University of Wisconsin Madison
Circuit Analysis (E C E 230) Syllabus
Course Learning Outcomes
    Course Learning Outcome
  • 1
    Students completing this course will master analysis of physical circuits through the use of Kirchhoff's laws and ideal circuit element models.
  • 2
    Strong emphasis is placed on the formulation of nodal equations for linear resistive circuits as a foundation, but generalizations necessary for handling nonlinear elements are also highlighted.
  • 3
    Consequences of linearity are emphasized through superposition and Thevenin/Norton equivalents.
  • 4
    Transient analysis of second order circuits with unit step inputs and switched dc sources is emphasized to promote understanding of time-domain linear circuit response.
  • 5
    For linear circuits excited with sinusoidal sources, phasor and frequency domain analysis techniques for determining steady state response are emphasized.
  • 6
    Application of complex power calculations is also highlighted.
  • 7
    Finally, students will master concepts of coupled inductors and transformers as an illustration of the general two-port concept.
Circuit Analysis
E C E 230 ( 4 Credits )
Kirchhoff's laws, resistive circuits, equivalent circuits using Thevenin-Norton theories, small signal analysis, dc operating point, first-order circuits, second-order circuits, SPICE and circuit simulation methods, sinusoidal steady state, phasors, poles and zeros of network functions, ideal transformed linear and non-linear two-port networks.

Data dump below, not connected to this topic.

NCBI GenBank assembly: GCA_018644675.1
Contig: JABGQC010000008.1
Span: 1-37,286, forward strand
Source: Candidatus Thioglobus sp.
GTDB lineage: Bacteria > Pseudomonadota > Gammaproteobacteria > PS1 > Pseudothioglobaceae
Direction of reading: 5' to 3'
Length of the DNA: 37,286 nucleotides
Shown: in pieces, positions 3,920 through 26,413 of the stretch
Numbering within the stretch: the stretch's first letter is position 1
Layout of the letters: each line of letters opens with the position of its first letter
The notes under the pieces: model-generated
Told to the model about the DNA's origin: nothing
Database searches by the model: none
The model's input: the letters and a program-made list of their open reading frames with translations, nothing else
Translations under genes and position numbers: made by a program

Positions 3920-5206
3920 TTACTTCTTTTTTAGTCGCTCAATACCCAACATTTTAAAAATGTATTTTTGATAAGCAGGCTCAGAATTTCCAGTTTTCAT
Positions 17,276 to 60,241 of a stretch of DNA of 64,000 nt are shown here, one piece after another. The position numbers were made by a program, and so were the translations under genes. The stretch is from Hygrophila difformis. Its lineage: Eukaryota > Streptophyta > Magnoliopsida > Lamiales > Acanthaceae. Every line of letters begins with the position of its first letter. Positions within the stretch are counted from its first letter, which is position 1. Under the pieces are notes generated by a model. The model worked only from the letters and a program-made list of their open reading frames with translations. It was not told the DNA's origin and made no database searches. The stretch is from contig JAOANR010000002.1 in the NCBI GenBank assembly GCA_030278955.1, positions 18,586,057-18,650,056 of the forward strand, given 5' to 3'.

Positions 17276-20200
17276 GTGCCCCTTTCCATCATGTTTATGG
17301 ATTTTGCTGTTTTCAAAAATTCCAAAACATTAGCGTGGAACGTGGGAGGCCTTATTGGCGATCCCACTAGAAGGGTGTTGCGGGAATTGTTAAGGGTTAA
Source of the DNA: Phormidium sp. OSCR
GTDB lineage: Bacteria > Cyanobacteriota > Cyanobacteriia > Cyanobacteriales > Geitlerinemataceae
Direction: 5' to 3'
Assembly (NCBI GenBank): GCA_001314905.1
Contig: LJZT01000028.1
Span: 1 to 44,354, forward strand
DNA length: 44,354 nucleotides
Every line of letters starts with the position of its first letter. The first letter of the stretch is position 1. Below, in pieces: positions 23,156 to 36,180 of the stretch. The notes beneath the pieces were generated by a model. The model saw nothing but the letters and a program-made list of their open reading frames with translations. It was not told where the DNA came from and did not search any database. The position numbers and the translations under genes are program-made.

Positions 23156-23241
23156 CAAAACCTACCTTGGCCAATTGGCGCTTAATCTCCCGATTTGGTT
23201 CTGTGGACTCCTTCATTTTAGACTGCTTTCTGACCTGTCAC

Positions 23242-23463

Math 222, Physics 202
College: College of Engineering
Instructor Name
Instructor Campus Address
Contact Hours
Course Coordinator
Text book, title, author, and year
Fundamentals of Electric Circuits + Connects Code, 5th Edition; Alexander/Sadiku; 5th; 2011
Supplemental Materials
Required / Elective / Selected Elective
ABET Program Outcomes Associated with this Course
Program Specific Student Outcomes
Brief List of Topics to be Covered
  1. Basic circuit elements, Kirchhoff's Laws, dependent source op-amp model.
  2. Nodal and Mesh analysis methods
  3. Linearity, superposition, Thevenin/Norton equivalents
  4. Inductor and capacitor ideal elements; duality; examples of nonlinear L's & C's
  5. Natural response R-C & R-L circuits; unit step and forced response for R-L & R-C
  6. Natural response series & parallel R-L-C circuits; unit step forced response
  7. Sinusoidal forcing function; phasor concept; impedance & admittance; complex power
  8. Complex frequency & frequency response; series & parallel resonance
  9. Mutual inductance, linear transformer; two-port networks
Additional Information
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